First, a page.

Fasting isn't an excuse to add more junk foods to your diet, which is unfortunately how some people use it. During your eating windows, prioritize nutrient-dense foods rich in fiber, protein, healthy fats, vitamins, and minerals.
Aim for an anti-inflammatory diet (grab my free recipe guide here to get started). This approach is best for keeping you satiated and providing the necessary nutrients to support your body through the menopause transition.
Additionally, women in menopause require certain nutrients in higher amounts, so ensure these are included in your diet even when practicing fasting. For example, menopause increases the risk of osteoporosis; therefore adequate calcium and vitamin D are needed to protect bone health. Furthermore, protein helps with maintaining muscle mass, while antioxidants fight inflammation and oxidative stress.
Healthy Food to Emphasize:
- Nuts and seeds, such as flax, chia, almonds, and walnuts
- Fresh fruit, including berries, citrus, apples
- Whole grains like wild rice, quinoa and oats
- Vegetables, including broccoli, kale, spinach, peppers, sweet potatoes, mushrooms, etc.
- Fermented foods such as yogurt, kefir, and sauerkraut
- Olive oil
- Fish such as salmon and sardines
- Grass-fed beef and organ meats
Foods to Avoid or Limit:
- Soda and other sugar-sweetened beverages
- Refined carbohydrates like white bread or other white flour products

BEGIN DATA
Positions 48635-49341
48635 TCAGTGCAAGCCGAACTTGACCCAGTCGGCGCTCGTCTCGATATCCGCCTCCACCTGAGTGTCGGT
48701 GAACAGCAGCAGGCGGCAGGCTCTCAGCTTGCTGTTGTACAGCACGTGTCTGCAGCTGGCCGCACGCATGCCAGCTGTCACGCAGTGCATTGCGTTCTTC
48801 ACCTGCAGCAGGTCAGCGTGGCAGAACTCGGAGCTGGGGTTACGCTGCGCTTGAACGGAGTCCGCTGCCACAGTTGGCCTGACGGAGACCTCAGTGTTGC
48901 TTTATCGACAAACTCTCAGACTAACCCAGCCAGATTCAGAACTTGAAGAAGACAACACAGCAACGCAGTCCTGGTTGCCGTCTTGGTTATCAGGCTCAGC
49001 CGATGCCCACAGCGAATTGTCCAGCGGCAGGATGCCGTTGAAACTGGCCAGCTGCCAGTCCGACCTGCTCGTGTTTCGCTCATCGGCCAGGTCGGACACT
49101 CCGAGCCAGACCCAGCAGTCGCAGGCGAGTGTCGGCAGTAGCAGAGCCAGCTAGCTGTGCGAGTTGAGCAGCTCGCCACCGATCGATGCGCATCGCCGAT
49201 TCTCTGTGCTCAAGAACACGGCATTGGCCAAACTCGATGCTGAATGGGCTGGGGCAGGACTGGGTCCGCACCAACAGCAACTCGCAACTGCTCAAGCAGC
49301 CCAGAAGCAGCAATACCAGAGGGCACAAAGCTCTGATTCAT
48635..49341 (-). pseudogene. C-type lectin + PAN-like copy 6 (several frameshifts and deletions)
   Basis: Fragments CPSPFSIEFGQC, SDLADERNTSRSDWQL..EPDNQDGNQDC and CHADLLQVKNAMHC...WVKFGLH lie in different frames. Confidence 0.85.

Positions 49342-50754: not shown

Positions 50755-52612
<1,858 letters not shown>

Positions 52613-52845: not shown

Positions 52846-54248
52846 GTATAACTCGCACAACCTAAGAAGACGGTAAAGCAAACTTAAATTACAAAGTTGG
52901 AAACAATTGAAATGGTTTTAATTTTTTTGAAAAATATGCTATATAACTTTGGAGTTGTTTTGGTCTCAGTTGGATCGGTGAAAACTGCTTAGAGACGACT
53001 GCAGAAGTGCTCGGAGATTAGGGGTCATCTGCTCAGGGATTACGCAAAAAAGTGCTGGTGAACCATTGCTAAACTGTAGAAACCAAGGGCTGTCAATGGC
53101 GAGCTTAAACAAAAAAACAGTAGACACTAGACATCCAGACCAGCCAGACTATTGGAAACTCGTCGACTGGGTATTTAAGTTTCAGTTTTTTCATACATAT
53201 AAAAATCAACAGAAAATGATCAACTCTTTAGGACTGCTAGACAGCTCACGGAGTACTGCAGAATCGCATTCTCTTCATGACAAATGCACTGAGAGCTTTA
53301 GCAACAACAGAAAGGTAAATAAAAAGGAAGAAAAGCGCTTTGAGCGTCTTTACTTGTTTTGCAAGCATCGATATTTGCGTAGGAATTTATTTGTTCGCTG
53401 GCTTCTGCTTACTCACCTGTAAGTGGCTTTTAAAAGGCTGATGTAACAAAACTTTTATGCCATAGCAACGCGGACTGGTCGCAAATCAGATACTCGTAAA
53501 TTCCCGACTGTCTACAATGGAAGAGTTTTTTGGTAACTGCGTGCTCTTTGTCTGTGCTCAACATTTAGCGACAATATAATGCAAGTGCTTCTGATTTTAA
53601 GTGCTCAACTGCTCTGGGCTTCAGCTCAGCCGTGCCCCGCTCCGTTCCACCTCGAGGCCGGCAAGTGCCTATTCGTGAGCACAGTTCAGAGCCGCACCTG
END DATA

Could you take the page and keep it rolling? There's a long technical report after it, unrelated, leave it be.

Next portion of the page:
- Processed meats and high-fat red meats
- Fried foods
- High-sugar snacks (cookies, candy bars)
- Refined sugars
- Trans fats
Stay Hydrated and Avoid “Liquid Calories”
Drinking plenty of water is crucial, especially during fasting periods, to prevent dehydration, assist digestion, and keep your energy up. You might feel hungry while fasting, but you don't need to feel thirsty.
Stay hydrated by drinking at least six to eight glasses of water daily. Aside from water, you can drink other hydrating fluids free of added sugar.
Here are some options for hydrating drinks, which you can consume both while fasting and within your eating window:
- Water: Plain or infused with slices of lemon, cucumber, or herbs for flavor
- Black Coffee: Without sugar or milk. A small amount of calorie-free sweetener may be acceptable for some
- Electrolyte beverages: Electrolytes can help with fluid balance and support successful fasting. Look for a sugar-free option that ideally has sodium and potassium.